Trammart News Service
INDEPENDENCE — When Mike Lodge, a longtime resident of Independence, stopped in a few weeks ago at the liquor store a couple of blocks from his home, the sign on the door surprised him. “No Shirt, No Shoes, No Service,” it stated. Lodge was wearing both, but he had on a mask, too — and he’d expected that requirement to be listed. “There I was, with one on my face,” Lodge said. “But not the guy inside, at the counter.”
The clerk said the mask isn’t required, Lodge recalled. So, Lodge started driving about 10 miles — to Dallas or West Salem — when he wanted to buy his cocktail mix. At those liquor outlets, postings at entrances clearly stated that masks are necessary.
“My feeling is that everybody needs to cooperate on this issue, whether they believe it works or not — it helps us all,” Lodge said. “And the risk far outweighs the inconvenience.”
A small, gray-lettered sign on the liquor store’s front door states “face masks required” then adds that “if you are not wearing a mask, Independence Liquor will assume you have a Federal ADA medical condition that prohibits it. (Per Federal ADA laws we cannot ask customers why a mask is not being worn).” The store owner indicated inquiries about business practices weren’t going to be answered.
In fact, masks are mandatory for retail employees in liquor stores, unless an employee needs to be provided an accommodation under the Americans with Disabilities Act.
“In that case, the retail agent could provide an employee with a face guard instead of a mask,” said Mark Pettinger, spokesman for the Oregon Liquor Control Commission (OLCC).
The liquor store in Independence has been the focus of several inquiries to the OLCC, he noted.
Yet masks, as well as other measures against the spread of COVID-19, appear to be a significant source of questions — and complaints — according to the Oregon office of Occupational Safety and Health Administration (OSHA). Since March, OSHA has received almost 8,300 complaints about non-compliance, compared with the roughly 2,000 that occur in a typical year, said Michael Wood, OSHA administrator. In Oregon, OSHA is moving forward to create a “temporary rule,” which would extend the pandemic provisions beyond the legislatively imposed deadline this month, to February next year. However, in late July, the Freedom Foundation, a non-profit conservative group, filed a legal challenge with the Oregon State Court of Appeals against Gov. Kate Brown’s order on masks.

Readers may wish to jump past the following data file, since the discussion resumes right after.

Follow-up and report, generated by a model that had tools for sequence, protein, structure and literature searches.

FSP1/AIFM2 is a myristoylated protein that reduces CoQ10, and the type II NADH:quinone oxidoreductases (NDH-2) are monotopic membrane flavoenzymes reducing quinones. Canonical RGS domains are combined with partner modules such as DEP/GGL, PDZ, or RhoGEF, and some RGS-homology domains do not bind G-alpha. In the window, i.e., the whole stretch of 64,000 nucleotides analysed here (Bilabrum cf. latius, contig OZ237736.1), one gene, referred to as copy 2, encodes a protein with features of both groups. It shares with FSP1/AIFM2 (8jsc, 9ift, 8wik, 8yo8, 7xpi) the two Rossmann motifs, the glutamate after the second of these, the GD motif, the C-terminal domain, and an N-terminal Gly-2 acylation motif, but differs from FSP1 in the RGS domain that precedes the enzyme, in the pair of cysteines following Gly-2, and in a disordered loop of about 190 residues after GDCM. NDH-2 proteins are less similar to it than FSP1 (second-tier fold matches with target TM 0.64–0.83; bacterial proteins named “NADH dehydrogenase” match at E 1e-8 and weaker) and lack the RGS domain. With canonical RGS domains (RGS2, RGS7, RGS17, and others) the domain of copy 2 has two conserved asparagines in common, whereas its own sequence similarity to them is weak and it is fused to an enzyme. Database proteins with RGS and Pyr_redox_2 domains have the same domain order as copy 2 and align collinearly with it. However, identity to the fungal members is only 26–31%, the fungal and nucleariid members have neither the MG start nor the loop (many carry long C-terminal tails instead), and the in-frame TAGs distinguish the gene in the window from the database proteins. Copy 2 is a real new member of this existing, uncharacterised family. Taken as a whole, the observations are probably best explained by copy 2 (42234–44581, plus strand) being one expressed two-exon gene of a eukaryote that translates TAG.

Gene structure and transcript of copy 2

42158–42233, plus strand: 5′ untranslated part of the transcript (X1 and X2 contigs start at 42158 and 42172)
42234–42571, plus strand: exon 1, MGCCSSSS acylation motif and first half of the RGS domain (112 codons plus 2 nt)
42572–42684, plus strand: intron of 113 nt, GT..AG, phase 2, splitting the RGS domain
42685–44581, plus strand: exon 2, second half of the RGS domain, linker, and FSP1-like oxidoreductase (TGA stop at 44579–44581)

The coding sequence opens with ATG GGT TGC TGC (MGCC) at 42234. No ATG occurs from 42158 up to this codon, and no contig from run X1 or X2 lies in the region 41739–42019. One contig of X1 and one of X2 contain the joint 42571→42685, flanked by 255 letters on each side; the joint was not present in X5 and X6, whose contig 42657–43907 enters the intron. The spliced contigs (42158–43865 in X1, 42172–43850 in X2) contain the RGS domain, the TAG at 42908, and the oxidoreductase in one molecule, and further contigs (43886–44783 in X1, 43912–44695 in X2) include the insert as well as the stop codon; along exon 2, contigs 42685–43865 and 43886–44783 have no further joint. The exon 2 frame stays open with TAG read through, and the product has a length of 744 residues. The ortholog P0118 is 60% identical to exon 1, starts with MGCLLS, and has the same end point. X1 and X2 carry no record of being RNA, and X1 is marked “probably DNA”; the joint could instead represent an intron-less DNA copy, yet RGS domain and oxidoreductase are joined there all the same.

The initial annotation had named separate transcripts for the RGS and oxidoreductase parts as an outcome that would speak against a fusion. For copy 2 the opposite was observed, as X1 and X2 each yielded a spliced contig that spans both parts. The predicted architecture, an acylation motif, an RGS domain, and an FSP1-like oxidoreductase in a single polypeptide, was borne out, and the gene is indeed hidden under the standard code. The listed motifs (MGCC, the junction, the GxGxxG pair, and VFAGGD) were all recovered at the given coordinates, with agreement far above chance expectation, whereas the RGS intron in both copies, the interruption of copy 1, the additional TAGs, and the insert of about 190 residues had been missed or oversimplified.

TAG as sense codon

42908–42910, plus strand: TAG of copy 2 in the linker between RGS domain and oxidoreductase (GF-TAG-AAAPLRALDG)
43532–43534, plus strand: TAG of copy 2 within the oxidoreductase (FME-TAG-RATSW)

The divide also can be seen in Independence, though it’s been a fairly uncommon sight, according to merchants. In one incident, a frustrated customer told another patron, a stranger, loudly and angrily about the alleged ineffectiveness of masks while the two waited for their take-out. The owner politely ignored the outburst and so did everyone else.
“It should, at this late date, go without saying that the science says it (mask-wearing) will hasten control of this pandemic and save lives,” said David Clyne, a resident of Independence and the former city manager. In addition to providing a safeguard against coronavirus infection, “the mask sends a message that I care about your well-being, not just my own.”
Some people are simply confused, said Sue Barker, who manages the city’s Riverview Farmers Market. “When they’re outside, some people don’t think they need to cover their face at all,” she said. However, when within six feet of someone else, they do, she noted. Most are agreeable when she tells them they need to either put on a mask or increase their personal space, Barker added. She has a pool noodle she playfully uses to keep mask-less customers at a six-foot distance. “It works and they think it’s funny,” she said.
At Jubilee, the dessert shop at Main and Monmouth streets, owner Dane Heuberger feels similarly. “Most people (not wearing masks) are very nice when I tell them -- and they step outside,” she said. Then a cupcake, or another of her creations, is delivered curbside.
“I do feel sorry for business owners,” said Craig Pope, a member of the Polk County Board of Commissioners and the designated “point person” for the county health authority.
“Should we be expecting them to enforce this? In some cases, it’s difficult,” he said. Recently, while dining out, he saw a group of young men and women seated closely together at a table. “What’s the restaurant manager supposed to do? Go over and ask if they’re actually family?”
The answer to that question appears to depend on the state agency. Though Oregon’s OSHA has indicated an intent to focus on outreach and education, “if complaints are voluminous or significant enough it may issue fines with the first reported violation,” according to an analysis by Davis Wright Tremaine, a law firm in Portland. Conversely, the Bureau of Labor and Industries “may investigate, fine or even bring a lawsuit against businesses that discriminate on the basis of disability by failing to accommodate either customers or employees, if accommodation is possible,” according to the legal team’s advisory.
It’s true that masks can feel constricting to some — but now there are face shields, observed Kate Schwarzler, president of the Independence Downtown Association and proprietor of Indy Commons, a shared worksite space on Main Street. This newer form of face protection offers the benefit of allowing facial expressions to be fully seen, including smiles.
“I think it’s a good alternative,” she said.